The good news is, it’s working.
Since mid-March, Oregon’s aggressive physical distancing and stay-at-home measures have prevented an estimated 70,000 cases of COVID-19 and 1,500 hospitalizations. But we’re not there yet. Every member of our community continues to have an important role to play in preventing the spread of the virus.
According to the Oregon Health Authority, if everyone continues to follow the guidelines for reducing the spread of COVID-19, the number of cases needing hospitalization will stay within current statewide hospital capacity. This would save many lives and enable doctors, nurses and other health professionals to provide the best possible care.
Last Thursday, Gov. Kate Brown announced plans to lift restrictions on hospitals and surgery centers for elective and non-emergency procedures. The plans include criteria for hospitals to ensure they can accommodate both post-surgery hospitalizations and an increase in COVID-19 patients, test widely for COVID-19, have enough personal protective equipment on hand and have strict infection control and visitation policies.
Samaritan is already meeting or exceeding many of these criteria. We understand that we will need to ramp up in a deliberate manner, in accordance with state guidelines, while rigorously maintaining the health and safety of patients, clinicians and staff.
We continue to do our part by reducing the number of people coming into our clinics and hospitals in person. In this way, we are reducing health risks for all of our patients and their families, as well as for our health care teams. We also have enhanced telemedicine capabilities to ensure patients get the care they need during this time. Our patients and clinicians have enthusiastically embraced the telehealth options, such as video visits. These tools will continue to offer convenient care options when the pandemic subsides. (More information about telehealth may be found at samhealth.org/Telehealth.)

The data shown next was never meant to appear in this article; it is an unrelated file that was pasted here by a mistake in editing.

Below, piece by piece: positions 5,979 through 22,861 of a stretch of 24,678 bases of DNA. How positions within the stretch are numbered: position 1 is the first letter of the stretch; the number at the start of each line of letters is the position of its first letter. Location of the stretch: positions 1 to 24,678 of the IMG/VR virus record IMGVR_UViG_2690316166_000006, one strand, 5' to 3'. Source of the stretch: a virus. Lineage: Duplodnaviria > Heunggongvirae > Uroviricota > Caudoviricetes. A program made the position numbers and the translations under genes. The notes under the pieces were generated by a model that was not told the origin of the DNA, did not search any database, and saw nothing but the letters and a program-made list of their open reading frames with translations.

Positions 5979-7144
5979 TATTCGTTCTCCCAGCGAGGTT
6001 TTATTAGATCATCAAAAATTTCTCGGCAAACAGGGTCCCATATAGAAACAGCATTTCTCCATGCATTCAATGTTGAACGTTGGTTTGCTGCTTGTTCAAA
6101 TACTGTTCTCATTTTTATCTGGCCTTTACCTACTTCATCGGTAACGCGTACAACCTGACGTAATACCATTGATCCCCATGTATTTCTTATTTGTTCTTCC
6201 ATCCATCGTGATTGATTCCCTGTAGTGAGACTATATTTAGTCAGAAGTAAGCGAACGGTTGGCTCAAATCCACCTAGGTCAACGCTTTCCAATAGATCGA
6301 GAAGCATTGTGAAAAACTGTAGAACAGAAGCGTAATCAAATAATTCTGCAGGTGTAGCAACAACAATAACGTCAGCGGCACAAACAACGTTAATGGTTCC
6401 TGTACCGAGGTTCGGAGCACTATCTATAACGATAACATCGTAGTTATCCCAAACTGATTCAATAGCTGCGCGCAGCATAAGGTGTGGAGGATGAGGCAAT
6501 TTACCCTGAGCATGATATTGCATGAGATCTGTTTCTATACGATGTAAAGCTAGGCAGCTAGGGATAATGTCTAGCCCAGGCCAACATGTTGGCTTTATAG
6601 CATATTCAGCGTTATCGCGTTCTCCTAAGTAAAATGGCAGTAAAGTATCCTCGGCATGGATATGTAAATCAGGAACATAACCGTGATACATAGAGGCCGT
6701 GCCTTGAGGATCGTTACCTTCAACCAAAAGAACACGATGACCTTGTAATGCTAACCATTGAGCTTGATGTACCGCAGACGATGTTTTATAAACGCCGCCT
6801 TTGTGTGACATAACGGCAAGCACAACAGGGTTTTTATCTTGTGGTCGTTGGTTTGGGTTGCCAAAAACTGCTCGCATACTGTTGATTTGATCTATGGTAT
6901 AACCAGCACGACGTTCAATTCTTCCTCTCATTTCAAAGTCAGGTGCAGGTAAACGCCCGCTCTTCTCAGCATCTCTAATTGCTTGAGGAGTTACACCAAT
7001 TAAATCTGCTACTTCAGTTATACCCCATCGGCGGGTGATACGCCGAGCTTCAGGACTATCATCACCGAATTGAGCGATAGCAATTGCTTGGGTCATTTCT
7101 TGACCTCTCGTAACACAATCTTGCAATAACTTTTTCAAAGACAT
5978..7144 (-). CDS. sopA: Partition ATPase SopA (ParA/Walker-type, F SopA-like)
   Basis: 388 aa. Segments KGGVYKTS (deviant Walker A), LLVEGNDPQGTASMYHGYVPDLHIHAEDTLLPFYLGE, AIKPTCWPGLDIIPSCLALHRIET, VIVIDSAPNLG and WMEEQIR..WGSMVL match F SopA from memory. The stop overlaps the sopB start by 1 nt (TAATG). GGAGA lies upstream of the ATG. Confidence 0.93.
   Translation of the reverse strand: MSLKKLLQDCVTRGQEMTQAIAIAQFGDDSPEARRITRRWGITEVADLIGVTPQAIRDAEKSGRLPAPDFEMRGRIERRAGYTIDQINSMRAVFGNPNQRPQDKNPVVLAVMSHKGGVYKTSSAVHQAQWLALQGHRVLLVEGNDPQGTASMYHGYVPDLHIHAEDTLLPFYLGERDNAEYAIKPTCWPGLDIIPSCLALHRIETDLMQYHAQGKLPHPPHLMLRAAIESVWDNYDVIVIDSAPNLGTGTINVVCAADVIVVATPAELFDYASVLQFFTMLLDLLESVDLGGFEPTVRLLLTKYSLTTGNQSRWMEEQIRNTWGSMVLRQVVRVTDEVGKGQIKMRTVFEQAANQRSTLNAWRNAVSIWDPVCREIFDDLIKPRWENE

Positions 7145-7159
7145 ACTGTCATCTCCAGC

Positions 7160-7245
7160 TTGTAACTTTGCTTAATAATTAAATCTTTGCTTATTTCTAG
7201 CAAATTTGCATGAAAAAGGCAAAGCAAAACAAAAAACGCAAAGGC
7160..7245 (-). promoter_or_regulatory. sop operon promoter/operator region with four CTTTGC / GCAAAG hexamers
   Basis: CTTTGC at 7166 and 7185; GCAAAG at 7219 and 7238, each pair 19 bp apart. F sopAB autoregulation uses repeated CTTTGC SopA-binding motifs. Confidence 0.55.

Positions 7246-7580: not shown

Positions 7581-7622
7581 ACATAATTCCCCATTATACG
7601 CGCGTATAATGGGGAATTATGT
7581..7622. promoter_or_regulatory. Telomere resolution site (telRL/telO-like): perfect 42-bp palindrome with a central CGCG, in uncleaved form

Meanwhile, Samaritan has expanded testing criteria to include all patients with symptoms of coronavirus, with a clinician’s order, and we encourage anyone who has any cold or flu-like symptoms to contact their health care provider to find out whether they should get tested. We believe increased testing availability will further help reduce the spread of the virus and help our communities get a better sense of how the disease is spreading.
When the COVID-19 pandemic subsides, health care delivery might not look the same as it was before. With enhanced partnerships — such as those with our county and state health officials — and expanded telehealth options, we are confident in our continued ability to build healthier communities together.
We extend our deepest gratitude for everything our communities are doing. Thank you for staying home to save lives.
Robert Turngren, MD, is the chief medical officer for Samaritan Health Services. Adam Brady, MD, is board-certified in infectious disease and internal medicine and cares for patients at Samaritan Infectious Disease — Corvallis. Drs. Brady and Turngren are leading the Samaritan Health Services coronavirus task force, which is working to guide Samaritan’s response to the COVID-19 pandemic.
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